Friday, January 10, 2014

Tips for Teaching Martial Arts Retention

Too often I hear school owners talking about how they need to bring in more students when in reality they need to focus on retaining the students they already have! For every student you enroll, how many are quitting? Here are some tips to stop your students from leaving and allow you to have blackbelts at your school for a long time in the future:

1. The most obvious and important thing is to teach exciting, fun, and amazing classes. You need to be constantly educating yourself in not just your technical knowledge, but your teaching strategies. Try out new drills, and ways to motivate your students to train harder! Here is a really fun drill to try out in your classes:

2. Your belt system and curriculum. Students should have clear goals and time frames of when they can expect to test for the next rank- none of that "I'll test you when I think you are ready" stuff. Students should be earning stripes on their belt in between belt ranks and it should be presented as a big deal, not just something you slap on their belt just for showing up. Your curriculum should get gradually more challenging as time goes on, and I recommend you change your blackbelt curriculum up each quarter. They should always be learning something new! I see too many schools that wonder why they can't keep blackbelts training when they don't even have new curriculum for the blackbelts to learn!

3. Offer an Instructor program, Demo Team, Leadership Team, etc.. Find your "quitter rank"- the rank that most students tend to get demotivated and want to quit. Most students tend to level out their interest after the excitement of sparring has worn off and this will be the perfect time to introduce them to a leadership program, instructor program, or demo team. It gets them fired up again and will keep them training through the hump.

4. Stay on that attendance! You should not only be tracking attendance, but have a strict attendance call/postcard/email system. First you need to know when to expect students in class- assigned classes. This lets you know when students are absent. Next, you need to setup a system to call them, email them, facebook, or send them a card right away when they are absent. For every class a student misses it becomes exponentially harder for them to come back. Life gets in the way, embarrassment, now they are out of shape, so and so passed them up in rank, they don't have enough classes to test, etc.. excuses excuses. Make the call and do what it takes to get them back in class as soon as possible before it becomes a bigger issue.

5. Have social events - Offer social events such as seminars, parties, picnics, tournaments, etc.. Your students should feel like one big family!

6. Have special classes for other topics/styles- You may not want to become a brazilian jui-jitsu school, a caporiera school, or teach the samuari sword in your classes but your students do want to learn this stuff. Why not offer a once per week class that focuses on something that you don't have time for, or can't fit into your normal classes? If you have to, hire an outside expert to teach this one class. If you aren't teaching the style(s) your students want to learn- they may just go elsewhere to learn it.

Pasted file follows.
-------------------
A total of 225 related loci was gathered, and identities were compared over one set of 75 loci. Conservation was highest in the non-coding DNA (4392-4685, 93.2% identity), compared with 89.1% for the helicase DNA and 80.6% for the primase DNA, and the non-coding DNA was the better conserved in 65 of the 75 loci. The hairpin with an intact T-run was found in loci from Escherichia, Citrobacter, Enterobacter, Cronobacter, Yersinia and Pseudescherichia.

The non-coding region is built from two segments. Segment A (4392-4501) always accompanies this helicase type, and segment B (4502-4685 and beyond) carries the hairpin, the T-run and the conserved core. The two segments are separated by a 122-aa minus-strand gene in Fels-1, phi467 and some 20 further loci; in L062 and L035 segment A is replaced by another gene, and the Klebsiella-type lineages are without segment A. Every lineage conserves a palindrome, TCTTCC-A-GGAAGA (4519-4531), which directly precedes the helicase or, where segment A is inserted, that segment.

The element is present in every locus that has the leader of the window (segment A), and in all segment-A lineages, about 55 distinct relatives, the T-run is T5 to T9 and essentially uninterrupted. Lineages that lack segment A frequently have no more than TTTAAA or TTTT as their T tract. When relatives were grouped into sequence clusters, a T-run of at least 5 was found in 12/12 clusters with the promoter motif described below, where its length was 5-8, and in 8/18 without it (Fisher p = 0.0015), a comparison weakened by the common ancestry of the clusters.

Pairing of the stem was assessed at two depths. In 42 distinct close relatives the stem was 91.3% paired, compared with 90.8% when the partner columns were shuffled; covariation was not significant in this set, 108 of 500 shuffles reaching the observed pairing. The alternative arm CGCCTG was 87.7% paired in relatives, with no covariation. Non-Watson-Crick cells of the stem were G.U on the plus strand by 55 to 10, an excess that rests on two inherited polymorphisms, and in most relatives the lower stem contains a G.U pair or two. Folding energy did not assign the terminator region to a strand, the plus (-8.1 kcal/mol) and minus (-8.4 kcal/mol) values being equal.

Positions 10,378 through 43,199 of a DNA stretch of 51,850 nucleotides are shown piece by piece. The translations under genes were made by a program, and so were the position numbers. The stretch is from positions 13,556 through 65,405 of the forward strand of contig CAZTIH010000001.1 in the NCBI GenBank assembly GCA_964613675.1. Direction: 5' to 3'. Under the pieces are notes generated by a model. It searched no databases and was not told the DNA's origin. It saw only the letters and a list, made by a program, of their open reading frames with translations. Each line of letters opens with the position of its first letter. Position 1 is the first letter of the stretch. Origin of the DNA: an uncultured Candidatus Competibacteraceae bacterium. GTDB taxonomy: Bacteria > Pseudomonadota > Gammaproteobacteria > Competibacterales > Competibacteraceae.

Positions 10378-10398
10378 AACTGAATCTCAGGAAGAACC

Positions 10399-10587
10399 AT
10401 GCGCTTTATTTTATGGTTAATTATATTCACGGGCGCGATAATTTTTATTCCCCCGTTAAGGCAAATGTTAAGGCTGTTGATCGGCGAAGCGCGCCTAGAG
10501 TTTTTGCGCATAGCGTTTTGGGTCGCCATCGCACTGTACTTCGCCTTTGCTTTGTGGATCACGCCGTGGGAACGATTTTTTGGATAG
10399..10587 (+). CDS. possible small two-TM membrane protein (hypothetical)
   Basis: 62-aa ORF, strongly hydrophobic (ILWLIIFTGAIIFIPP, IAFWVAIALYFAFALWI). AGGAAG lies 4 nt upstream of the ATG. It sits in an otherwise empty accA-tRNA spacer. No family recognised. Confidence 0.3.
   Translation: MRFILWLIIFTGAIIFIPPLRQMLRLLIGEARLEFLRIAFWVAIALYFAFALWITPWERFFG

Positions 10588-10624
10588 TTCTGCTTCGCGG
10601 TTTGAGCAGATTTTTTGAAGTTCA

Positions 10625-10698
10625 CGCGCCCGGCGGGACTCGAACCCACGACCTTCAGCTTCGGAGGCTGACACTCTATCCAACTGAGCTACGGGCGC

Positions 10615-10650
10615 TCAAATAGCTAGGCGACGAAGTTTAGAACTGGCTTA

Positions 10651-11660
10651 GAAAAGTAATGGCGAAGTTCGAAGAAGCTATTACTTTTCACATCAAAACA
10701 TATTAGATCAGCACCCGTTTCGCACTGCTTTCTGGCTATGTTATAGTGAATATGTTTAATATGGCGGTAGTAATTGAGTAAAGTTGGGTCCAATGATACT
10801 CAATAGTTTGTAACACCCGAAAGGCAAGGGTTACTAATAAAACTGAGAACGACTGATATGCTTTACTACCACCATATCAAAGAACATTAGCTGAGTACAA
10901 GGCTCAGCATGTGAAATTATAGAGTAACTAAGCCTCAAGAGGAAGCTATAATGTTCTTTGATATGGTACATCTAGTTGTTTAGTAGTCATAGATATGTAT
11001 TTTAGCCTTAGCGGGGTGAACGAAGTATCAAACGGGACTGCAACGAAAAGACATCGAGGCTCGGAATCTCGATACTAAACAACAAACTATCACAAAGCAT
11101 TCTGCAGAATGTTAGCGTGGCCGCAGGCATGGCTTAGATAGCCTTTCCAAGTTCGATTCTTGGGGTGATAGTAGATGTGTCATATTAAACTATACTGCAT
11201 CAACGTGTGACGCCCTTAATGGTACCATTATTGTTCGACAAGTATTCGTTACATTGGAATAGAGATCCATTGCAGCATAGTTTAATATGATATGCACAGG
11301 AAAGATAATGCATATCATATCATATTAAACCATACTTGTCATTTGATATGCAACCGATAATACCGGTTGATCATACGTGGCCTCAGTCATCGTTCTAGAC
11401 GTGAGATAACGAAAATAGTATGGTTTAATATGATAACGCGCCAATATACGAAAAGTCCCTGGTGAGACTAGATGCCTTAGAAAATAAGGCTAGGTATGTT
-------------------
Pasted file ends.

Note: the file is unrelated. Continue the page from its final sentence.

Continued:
7. Don't EVER let students get behind. Once a student gets behind, its just a matter of time before they quit. Do whatever it takes, extra help, private lessons, encouragement, etc..

8. Make a connection with them.  Get to know them, find out what they like, where they work, know their family, ask them questions, etc..Tell them how much you appreciate them!

9. Give shout-outs. Every week we mail out "awesome cards" and we hand write a postcard telling them about something they did that was awesome. Once a week post a photo of someone doing something awesome. Recognize students in front of the class for their accomplishments! Tell them how well they are doing, and most important for younger students- go and talk to their parents about how well they are doing.

It took me thousands of dollars, hours of time, traveling all over, reading books and magazine, seminars, and years of experience to figure out the formula to better retention- and here it is right here. Act on it! I just finished my stats for one of my locations for 2013 and my retention rate was 93%. That means out of all the students I signed up since January of that year, by Dec. 31st - 93% of them were still actively training. Obviously we are on to something here! You can't stop all students from quitting, after all people move, people lose jobs, etc.. but it is much cheaper to keep the students you already have than to market for new ones.  I urge you to check out our youtube channel for free drills and tips and check out our endlessmartialartsdrills products- my staff uses them every single day and it is one of the keys to our high retention!

Jeremy Molley is the owner of For more free drills, videos, and tips become a facebook fan.